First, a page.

January is supposed to be the month of positivity and renewal, but 2016 began with one of the worst months the stock market has ever experienced. While everyone is hoping the market finds a bottom and recovers soon, uncertain investors are asking, “What should I do with my money?”
Before we start exploring answers to that question, remember all markets are cyclical and asset cycles don’t tend to mirror each other. As one asset class peaks, there is usually another one crashing, one starting to perform well, and another that has been stagnant for a while. In this article, we will briefly cover some of the asset classes traditionally looked at for investment (stocks, bonds, commodities and real estate) and how they are performing today.
The Stock Market
Stocks, also known as “equities,” are in turmoil today. Most investors have lost 10-20 percent of their portfolio value in the first six weeks of 2016. Could this be the beginning of a larger crash or is it simply a market correction that was bound to happen? If you follow history, what just occurred has only happened three times in the last 100 years. Three times: 1929, 2000 and 2008, foreshadowing that the good times may be over for stocks. Nobody has a crystal ball, but the “big-money” is fleeing the market and seeking yields elsewhere.
The Bond Market
Bonds, which are sometimes referred to as “debt,” may be in favor today, only because they are viewed as a place to park money in times of uncertainty. There are many types of bonds, but in general, the return is fairly low so this is not a place where investors seek higher yields.
The Commodities Market
Oil has been crashing for more than a year, and each time it looks like a bottom has been reached, it goes down again. While not attractive today, it will likely be an incredible investment if you have the staying power to wait for the rebound, as most experts agree that the pendulum has swung too far to the downside.
Metals and mining are benefiting from the “flight to safety” that takes place during times of uncertainty, and could prove to be a great investment today, although with what is happening economically around the world, it is hard to find logical support for the demand. However, this has been one of the poorest performing commodity sectors for many years, so the upside looks greater than the downside.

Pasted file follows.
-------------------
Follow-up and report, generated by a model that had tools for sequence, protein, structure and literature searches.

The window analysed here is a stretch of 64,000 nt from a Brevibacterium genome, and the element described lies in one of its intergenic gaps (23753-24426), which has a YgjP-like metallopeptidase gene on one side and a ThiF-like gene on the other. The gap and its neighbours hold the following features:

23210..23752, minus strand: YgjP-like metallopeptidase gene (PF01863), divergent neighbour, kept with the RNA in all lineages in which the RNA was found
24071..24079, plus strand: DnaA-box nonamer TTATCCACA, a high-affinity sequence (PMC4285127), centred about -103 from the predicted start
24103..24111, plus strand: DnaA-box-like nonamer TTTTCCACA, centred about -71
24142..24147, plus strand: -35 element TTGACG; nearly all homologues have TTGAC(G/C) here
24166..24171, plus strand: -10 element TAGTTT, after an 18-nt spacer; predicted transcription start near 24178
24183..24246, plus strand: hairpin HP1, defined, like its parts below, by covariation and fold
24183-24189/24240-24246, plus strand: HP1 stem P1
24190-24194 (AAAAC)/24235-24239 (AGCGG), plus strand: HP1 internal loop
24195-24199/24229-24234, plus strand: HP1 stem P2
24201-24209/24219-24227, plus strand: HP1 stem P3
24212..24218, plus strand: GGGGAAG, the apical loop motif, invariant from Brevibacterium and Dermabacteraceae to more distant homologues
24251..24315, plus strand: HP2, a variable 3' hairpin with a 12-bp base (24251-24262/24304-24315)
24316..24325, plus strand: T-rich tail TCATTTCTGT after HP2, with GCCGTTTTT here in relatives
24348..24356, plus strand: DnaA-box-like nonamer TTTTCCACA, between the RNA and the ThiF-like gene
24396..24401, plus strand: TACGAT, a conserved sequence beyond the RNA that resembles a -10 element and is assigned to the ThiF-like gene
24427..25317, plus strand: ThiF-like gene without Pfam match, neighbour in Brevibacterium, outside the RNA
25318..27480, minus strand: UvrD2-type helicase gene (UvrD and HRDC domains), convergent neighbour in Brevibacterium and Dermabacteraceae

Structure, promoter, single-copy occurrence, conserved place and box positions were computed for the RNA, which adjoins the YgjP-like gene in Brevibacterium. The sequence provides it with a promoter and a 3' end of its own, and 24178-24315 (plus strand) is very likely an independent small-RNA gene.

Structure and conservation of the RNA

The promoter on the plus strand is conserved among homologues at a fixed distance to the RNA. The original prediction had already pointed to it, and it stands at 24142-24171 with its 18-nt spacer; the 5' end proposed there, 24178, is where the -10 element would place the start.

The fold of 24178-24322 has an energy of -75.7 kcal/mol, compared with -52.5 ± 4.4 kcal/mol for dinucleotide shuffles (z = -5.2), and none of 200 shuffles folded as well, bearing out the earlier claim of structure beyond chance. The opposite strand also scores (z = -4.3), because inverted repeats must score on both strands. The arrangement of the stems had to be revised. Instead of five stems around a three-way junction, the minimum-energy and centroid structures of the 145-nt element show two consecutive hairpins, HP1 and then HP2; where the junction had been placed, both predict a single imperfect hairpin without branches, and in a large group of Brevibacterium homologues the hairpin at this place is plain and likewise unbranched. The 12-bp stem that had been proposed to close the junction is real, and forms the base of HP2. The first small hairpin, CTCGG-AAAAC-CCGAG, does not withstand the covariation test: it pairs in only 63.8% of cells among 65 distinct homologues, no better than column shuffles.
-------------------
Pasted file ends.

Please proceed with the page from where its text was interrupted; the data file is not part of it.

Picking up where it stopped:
As an investment class, real estate is proving to be very strong today. To continue comparing apples to apples, all of the asset classes we are discussing here are passive investments. So we are talking about a true, passive investment through a real estate syndication or a platform that operates in the private equity or debt arena. Private “equity” is the private sector’s equivalent to stocks, and private “debt” is the private equivalent to bonds. Today, if you want to invest in real estate, you don’t need to be an expert. You just need to know somebody who is, and purchase shares in his or her projects. Investors provide the capital, the syndicator provides the experience, and everybody profits.
The significant advantages of real estate are the ability to buy an asset below its current value, as well as the ability to influence the asset value. Stocks, bonds and commodities are not like that. This is a secret most investors miss: in a syndication, market appreciation is not required to be successful. You make money the day a property is purchased, and you have the ability to influence value (the real estate market could be flat, yet attractive yields are still available). This creates an environment of predictability, in a much more powerful way than any other investment class.
It is important to note that investors tend to be apologists for whatever they are invested in. Most will bury their head in the sand, hoping the market will turn in their favor, which is simply not a good strategy. Consider zooming out to see the opportunities in other asset classes. If the market does crash, where can you invest to be on the right side of the cycle?
Ultimately, the goal here is to find investment opportunities with great yields. Be assured that predictable, sound options are available if you are willing to explore.
By Jack Martin
Jack Martin is a passionate business and family man, a visionary and a people person. He has been building strategic relationships with capital partners, particularly in the real estate investment market, since he co-founded Bakerson, LLC in 2002. His ability to identify great opportunities is incomparable, as is his passion for powerful relationships, and his clients have more fun investing than they ever thought possible. Tweet with @JackMartinCo.